# Nonlinear Systems and Conversion to LPV

## Overview

LPVcore is able to represent nonlinear systems in state-space representation and to convert these to LPV state-space representations. On this page, we give a brief overview of this functionality. Firstly, we give an overview of the nonlinear state-space systems object in LPVcore. After that, we give an overview of the conversion methods that are available.

## Nonlinear State-Space Systems

### General information

An `LPVcore.nlss`

object allows the user to represent a nonlinear dynamical system in state-space representation of the form

where $x$ is the state of the model, $u$ its input, and $y$ its output, $\xi=\frac{d}{dt}$ in continuous-time and $\xi=q^{-1}$ in discrete-time. Moreover, $f$ and $h$ are nonlinear functions, represented by MATLAB function handles. For example, the following code snippet constructs a continuous-time nonlinear state-space representation:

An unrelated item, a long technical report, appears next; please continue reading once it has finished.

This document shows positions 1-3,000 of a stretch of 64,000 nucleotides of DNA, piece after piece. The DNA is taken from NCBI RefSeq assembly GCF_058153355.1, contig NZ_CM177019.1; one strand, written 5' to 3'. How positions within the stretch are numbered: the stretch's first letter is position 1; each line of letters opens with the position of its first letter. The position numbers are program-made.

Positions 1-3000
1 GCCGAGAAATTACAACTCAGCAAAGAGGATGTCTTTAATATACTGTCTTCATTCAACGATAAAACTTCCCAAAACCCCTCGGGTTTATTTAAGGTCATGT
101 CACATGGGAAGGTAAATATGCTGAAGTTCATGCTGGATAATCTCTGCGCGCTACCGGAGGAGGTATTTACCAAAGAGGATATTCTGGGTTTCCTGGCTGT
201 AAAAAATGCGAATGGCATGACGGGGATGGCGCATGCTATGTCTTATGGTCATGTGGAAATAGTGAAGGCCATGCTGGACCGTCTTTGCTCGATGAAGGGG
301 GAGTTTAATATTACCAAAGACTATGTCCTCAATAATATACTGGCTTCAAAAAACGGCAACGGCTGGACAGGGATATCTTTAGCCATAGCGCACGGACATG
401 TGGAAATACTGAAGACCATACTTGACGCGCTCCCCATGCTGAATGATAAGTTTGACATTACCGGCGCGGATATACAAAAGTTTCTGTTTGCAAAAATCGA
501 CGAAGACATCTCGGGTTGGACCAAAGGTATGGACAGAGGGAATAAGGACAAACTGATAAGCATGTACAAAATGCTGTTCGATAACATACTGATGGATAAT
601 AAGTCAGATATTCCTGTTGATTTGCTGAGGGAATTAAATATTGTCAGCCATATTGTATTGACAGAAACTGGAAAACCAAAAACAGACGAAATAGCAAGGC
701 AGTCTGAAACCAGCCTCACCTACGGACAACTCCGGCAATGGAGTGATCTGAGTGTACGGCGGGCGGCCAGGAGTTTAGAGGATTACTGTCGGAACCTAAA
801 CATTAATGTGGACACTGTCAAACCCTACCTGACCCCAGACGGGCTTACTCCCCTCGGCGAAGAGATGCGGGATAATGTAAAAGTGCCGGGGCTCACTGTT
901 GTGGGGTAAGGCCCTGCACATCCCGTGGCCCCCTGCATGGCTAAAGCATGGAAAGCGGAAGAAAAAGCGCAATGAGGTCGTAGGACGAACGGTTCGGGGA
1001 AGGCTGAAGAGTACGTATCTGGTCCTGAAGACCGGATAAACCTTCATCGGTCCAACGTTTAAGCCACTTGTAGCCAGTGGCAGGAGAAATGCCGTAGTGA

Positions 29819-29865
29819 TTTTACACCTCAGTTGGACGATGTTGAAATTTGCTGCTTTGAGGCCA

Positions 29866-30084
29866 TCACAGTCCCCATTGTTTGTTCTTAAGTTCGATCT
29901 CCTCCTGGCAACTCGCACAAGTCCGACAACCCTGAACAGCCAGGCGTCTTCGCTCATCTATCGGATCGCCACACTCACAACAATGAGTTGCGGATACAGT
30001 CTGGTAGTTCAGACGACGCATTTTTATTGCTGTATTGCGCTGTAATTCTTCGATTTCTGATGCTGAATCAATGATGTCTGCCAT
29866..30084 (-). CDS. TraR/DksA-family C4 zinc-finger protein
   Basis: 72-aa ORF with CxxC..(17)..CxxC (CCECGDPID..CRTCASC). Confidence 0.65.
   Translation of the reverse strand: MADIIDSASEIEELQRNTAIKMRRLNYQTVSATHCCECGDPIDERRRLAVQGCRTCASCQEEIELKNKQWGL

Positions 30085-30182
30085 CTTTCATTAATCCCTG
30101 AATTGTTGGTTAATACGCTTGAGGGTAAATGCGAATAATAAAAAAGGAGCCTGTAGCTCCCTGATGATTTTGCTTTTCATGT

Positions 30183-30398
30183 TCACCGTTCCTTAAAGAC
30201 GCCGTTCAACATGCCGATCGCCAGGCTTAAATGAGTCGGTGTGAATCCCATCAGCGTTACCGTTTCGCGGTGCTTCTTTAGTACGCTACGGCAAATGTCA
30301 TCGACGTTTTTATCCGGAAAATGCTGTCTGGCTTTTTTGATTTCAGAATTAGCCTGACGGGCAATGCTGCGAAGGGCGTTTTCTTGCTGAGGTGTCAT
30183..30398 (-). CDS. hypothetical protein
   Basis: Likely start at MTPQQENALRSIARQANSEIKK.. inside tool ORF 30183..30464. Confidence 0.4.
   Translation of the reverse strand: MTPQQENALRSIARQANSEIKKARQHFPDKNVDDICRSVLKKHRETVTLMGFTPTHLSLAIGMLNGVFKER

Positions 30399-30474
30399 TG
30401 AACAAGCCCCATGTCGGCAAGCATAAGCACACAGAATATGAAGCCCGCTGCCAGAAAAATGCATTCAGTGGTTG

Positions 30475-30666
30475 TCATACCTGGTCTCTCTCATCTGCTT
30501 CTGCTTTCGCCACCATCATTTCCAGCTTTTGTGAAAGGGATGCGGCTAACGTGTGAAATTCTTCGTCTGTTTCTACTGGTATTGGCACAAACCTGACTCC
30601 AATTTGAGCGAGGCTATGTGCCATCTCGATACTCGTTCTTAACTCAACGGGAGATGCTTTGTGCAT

`f = @(x,u) [-x(2, :); 3.0 * (1 - x(1, :).^2) .* x(2, :) - x(1) + u];`

h = @(x,u) x(1, :);

nx = 2;

nu = 1;

ny = 1;

sys = LPVcore.nlss(f, h, nx, nu, ny);

Discrete-time systems can be constructed by also providing a sampling time:

`Ts = 0.1;`

sys = LPVcore.nlss(f, h, nx, nu, ny, Ts);

By default, it is assumed that the $f$ and $h$ functions of `LPVcore.nlss`

objects can be represented symbolically, using the Symbolic Toolbox of MATLAB. This is done such that the Jacobian matrix functions of $f$ and $h$ can be computed, which are required for the conversion methods to LPV representations and/or compute the differential form of nonlinear system. However, in cases where this is not required and/or $f$ and $h$ cannot be represented symbolically, the internal symbolic representation can be disabled through the 7th argument of `LPVcore.nlss`

. The following code snippet, creates an `LPVcore.nlss`

object for which the internal symbolic representation is disabled:

`sys = LPVcore.nlss(f, h, nx, nu, ny, Ts, false);`

Nonlinear systems represented by `LPVcore.nlss`

objects can also be used in Simulink by using the corresponding `Nonlinear System`

block, located in `LPVcore/Nonlinear`

in the Library Browser.

### Available methods

The following methods are currently available for `LPVcore.nlss`